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Will `star wars' research shoot holes in economy?

By Jonathan RoweStaff writer of The Christian Science Monitor / March 30, 1987



Cambridge, Mass.

JIM MELCHER seems the sort of man who is as comfortable with a soldering iron as with his personal computer. Taut and wiry, his fringe of hair cropped short, the electrical engineering professor at MIT bikes to work each day, and helps utility companies generate electricity more efficiently. ``The systems that keep the lights lit are rotting,'' he worries. ``Transformers that were supposed to work for 20 years are now supposed to work 40.'' Dr. Melcher considers himself a political conservative. But unlike most conservatives, who see ``the government'' as one thing and the Pentagon as quite another, to Melcher they are one and the same. And he thinks the Pentagon is skewing the American economy in ways that are far from beneficial. While the Japanese are building the next generation of electrical transformers, he says, General Electric has converted its own transformer plant in Pittsfield, Mass. to a torpedo factory.

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``Defense is a much more certain way to make a dollar and a much better rate of return,'' he says.

It is from this standpoint that Melcher views the Strategic Defense Initiative. To be sure, SDI has been the target of campus criticism almost from the beginning. Program officials infuriated MIT and other institutions, for example, by suggesting to Congress that they had endorsed the program. Over 6,800 university scientists and engineers from all over the United States have signed a petition pledging not to accept SDI funds, including 57 percent of the members of the top 20 physics departments.

But this opposition has been based largely on the view that SDI probably wouldn't work and that it would make the world less safe. As it happens, the SDI Office has had little problem finding researchers willing to take its money.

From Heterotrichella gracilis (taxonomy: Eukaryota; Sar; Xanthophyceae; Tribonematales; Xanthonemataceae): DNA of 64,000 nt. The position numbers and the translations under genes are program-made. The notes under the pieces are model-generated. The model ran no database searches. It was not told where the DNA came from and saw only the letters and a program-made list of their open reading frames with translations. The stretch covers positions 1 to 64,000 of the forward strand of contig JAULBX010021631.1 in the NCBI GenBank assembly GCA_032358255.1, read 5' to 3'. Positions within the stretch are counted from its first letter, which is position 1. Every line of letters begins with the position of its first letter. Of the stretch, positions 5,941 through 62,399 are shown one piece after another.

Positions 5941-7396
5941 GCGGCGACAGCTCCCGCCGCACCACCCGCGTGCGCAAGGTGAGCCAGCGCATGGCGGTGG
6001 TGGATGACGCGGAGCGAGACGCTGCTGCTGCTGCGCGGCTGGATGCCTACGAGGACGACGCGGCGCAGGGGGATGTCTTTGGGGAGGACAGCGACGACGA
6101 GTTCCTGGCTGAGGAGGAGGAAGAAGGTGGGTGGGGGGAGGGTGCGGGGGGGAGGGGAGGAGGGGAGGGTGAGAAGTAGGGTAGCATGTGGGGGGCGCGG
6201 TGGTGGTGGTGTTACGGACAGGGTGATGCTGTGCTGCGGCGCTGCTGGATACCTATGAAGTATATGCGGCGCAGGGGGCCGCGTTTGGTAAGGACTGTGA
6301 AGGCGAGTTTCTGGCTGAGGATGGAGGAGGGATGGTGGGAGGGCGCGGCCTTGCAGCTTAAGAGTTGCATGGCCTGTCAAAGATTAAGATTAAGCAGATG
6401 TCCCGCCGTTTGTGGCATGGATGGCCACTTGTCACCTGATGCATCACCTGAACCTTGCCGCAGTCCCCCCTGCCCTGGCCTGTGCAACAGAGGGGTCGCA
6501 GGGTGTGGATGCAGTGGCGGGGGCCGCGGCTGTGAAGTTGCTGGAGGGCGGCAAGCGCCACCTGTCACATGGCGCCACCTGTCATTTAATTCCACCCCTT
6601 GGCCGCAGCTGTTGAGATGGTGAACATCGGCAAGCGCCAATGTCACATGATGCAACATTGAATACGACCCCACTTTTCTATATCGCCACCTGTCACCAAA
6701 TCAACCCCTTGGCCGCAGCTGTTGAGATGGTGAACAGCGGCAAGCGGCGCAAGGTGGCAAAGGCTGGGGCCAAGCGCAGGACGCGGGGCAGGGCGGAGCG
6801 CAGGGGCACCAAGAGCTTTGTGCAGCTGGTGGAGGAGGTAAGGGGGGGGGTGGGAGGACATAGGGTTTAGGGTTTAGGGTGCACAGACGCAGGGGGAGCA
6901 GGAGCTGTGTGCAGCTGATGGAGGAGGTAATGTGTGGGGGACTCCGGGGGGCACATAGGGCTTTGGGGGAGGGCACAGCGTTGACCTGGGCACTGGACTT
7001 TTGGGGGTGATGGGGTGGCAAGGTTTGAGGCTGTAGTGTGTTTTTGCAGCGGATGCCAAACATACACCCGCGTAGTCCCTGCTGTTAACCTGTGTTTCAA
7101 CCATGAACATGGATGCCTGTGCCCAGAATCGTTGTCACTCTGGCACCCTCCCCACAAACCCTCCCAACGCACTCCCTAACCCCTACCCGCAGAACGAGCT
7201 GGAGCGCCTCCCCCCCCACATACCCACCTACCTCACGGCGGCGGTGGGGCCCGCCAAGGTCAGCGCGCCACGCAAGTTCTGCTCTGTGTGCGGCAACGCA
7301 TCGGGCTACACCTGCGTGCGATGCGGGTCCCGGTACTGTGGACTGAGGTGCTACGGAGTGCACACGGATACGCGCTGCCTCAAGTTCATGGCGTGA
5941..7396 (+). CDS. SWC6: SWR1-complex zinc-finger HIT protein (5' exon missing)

And as these funds begin to seep through university research labs, they are prompting concerns on the economic front. How will this diversion of talent and endeavor affect America's ability to compete economically?

``Everyone is trying to emulate us but us,'' Melcher says, speaking of the way even countries like China are striving to free productive enterprise from the kind of government intervention that he thinks SDI represents.

Not all in the scientific community share these concerns. Air Force Lt. Gen. James A. Abrahamson, who heads the Strategic Defense Initiative Office, has pledged to apply the results of SDI research ``across all facets of our economy and society.'' Doubts persist nevertheless, and not just in the predictable liberal camp. ``At a time when competition in semiconductors, computers, and communications is so intense, it is disconcerting to see billions of research dollars pumped into `star wars' when these funds could be better invested to assure our leadership in these major global markets,'' wrote Ray Stata of the Massachusetts High Tech Council, a politically conservative group that was a major supporter of the state's tax-cutting Prop. 2,

Some think SDI is just another step down an unfortunate path. America devotes as large a share of its national economy to R&D as both West Germany and Japan. But where these countries put almost all their resources into the civilian economy, at least 40 percent of America's research is geared toward the military. ``The situation is so bad, `star wars' can't do much more damage,'' says Arnold Kerr, an engineering professor at the University of Delaware.